My college experience gave me a confidence I had never had before. I was raised in a sheltered environment among people who all looked and thought the same, and college introduced me to diverse groups of people, including faculty and other students, who I interacted with and learned from. I stepped outside the life I had at home and figured out what my own personal values and beliefs were, distinct from tose I was raised with, and altered or kept them according to my new knowledge and understanding. This new experience gave me confidence in my own thoughts and ideas. I think that, besides the academic and professional goals that college helps people accomplish, college also exposes students to new people and ideas they may never have encountered at home. However, to truly evaluate and put into practice any new knowledge or ideas encountered in college, students must open themselves up to the possibility of change. A major purpose of college is to challenge students to critically evaluate and possibly change previously held beliefs, and if students wish to use their college experience for all its worth, they must allow themselves to embrace the idea of change.
If I was asked for advice on finding the right college or university, which I have been several times, I would tell them that college hard and that to stay on top they need to stay focused. I would tell students not to choose a school just because their friends are attending there, but because they are honestly interested in the degree programs and have studied things about the school such as professors, workloads and facilities. I would tell them to choose a school where they are comfortable financially because financial worry will get in the way of their studies and extracurriculars. I would tell parents to support their children wherever they decide to go because the more support a student has the more they will succeed. Also, not to push their children into too many extracurriculars such as fraternities and sororities because sometimes they can distract students from their main focus (school.) Last but not least the students should choose a school where they fit in socially and where they feel comfortable. The less social issues that a student encounters the better. Students need to have fun socially so that they don't over do it academically.
?Do not be afraid to let go,? I would tell myself. ?You must learn that you cannot keep things together when the others involved surrender the will to continue. Relinquishing the feeling of obligation that you carry with regard to those persons and their harmful decisions will never be seen by any party as disgraceful. I know you are stubborn and ending your involvement in anything you have personally invested in is not customary for you; however, it will be healthier for you if you liberate yourself entirely from people who give up and walk away. Emancipating yourself from these individuals will also save you the distraction of your resentment towards them. Holding onto the past, its relationships and preconceived notions about newcomers, with such blind devotion will make it impossible for you to form true new relationships that are vital to a successful college experience. Your friends back home will not change their opinion of you when you make new friends and form new bonds. Your family will not hold anything against you if you distance yourself from their drama and forge your own way with the values they have instilled in you.?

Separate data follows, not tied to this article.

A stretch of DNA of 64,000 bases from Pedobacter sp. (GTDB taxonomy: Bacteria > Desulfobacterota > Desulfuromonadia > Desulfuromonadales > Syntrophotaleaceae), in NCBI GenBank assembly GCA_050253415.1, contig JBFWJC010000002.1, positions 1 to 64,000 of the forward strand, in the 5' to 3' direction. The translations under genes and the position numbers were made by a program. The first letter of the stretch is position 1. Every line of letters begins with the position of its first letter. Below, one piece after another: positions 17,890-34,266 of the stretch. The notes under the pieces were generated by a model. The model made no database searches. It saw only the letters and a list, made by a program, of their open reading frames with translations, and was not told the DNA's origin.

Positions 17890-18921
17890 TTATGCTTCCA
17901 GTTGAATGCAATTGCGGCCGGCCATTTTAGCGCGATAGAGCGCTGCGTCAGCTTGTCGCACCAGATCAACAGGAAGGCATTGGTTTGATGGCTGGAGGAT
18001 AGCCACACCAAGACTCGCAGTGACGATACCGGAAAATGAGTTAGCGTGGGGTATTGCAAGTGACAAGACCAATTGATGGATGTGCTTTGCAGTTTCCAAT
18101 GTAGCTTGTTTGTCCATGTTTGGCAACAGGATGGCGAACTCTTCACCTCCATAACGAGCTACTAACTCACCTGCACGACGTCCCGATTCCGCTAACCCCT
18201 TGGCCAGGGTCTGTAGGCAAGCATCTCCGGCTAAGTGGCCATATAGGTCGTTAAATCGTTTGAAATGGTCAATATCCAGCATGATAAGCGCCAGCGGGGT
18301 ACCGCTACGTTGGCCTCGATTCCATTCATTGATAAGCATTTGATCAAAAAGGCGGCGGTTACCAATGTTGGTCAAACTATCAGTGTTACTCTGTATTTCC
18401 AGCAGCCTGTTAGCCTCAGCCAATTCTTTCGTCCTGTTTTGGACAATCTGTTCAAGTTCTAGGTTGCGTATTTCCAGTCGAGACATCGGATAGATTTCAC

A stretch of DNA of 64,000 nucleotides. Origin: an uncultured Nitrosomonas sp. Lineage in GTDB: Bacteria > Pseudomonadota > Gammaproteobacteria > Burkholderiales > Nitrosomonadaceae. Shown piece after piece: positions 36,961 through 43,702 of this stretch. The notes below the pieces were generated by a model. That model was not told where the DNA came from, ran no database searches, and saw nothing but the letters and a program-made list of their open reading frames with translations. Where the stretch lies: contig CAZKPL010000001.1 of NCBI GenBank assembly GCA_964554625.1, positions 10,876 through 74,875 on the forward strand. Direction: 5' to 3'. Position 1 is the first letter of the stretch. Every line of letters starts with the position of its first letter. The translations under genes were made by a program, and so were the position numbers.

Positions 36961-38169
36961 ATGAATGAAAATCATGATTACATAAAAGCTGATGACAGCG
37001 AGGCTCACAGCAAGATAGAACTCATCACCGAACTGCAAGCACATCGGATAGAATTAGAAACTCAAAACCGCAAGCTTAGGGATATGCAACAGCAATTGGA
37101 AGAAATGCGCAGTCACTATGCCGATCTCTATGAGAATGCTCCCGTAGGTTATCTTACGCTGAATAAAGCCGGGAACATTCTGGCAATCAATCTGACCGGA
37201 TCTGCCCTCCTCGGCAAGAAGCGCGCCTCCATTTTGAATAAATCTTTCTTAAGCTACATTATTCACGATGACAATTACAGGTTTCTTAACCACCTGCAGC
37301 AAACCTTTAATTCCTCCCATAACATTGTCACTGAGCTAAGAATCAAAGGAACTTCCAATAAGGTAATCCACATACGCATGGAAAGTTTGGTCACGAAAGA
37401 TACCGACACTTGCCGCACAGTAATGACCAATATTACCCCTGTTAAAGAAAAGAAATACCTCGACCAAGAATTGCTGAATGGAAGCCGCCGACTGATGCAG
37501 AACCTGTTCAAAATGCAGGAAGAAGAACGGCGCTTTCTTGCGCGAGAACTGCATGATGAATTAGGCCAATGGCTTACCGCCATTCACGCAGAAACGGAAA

First off, I knew I was going to attend The University of Oklahoma when I was five years old. I've been a diehard Sooner fan forever, and the choice was a no-brainer. But for those who are still undecided, let me give you this advice. First, visit every school you are interested in. The best thing a student can do is check out each prospective universities. Find the one that fits you best and has what you are most interested in, whether that be academics, night life, extracurricular activities, greek life, or sporting team, like me. Then, when you choose your favorite, GET INVOLVED! It makes the experience much more enjoyable. Next, parents, listen to your kids and talk with them about their possible school choices. Talk to them about your financial situation. The best gift a parent can give, besides a college education, is child with little to no debt when leaving college. My parents have always been upfront and honest with me when it comes to funding for my education. And finally, don't stress out and have no regrets. These are the most important elements of college. Take risks and enjoy your college experience!
Choosing a college that is right for you is kind of like choosing just the right donut. You want to choose the one that fits your tastes, leaves you feeling full, and has the promise of possiblity. Finding the right college takes research and hard work but after all the research is done, sometimes you just have to make a donut decision and "follow your gut." Find a place that fits your academic goals and personal needs and take a bite out of the wonderful possibilities that your college has to offer. Apply yourself in the classroom and open your mind to be filled with new ideas and ways of thinking about the world. Seize opportunities to intern, study abroad, serve your community, and become involved on campus-these are the experiences that will add rich flavor your collegiate life. Finally, in the midst of your academic efforts and campus involvement, take the time to indulge-nurture budding friendships and explore your new social scene. Like a donut, your college experience will be gone in a flash, so make the most of your experience and allow it to nourish you, both personally and academically, for your next step in life.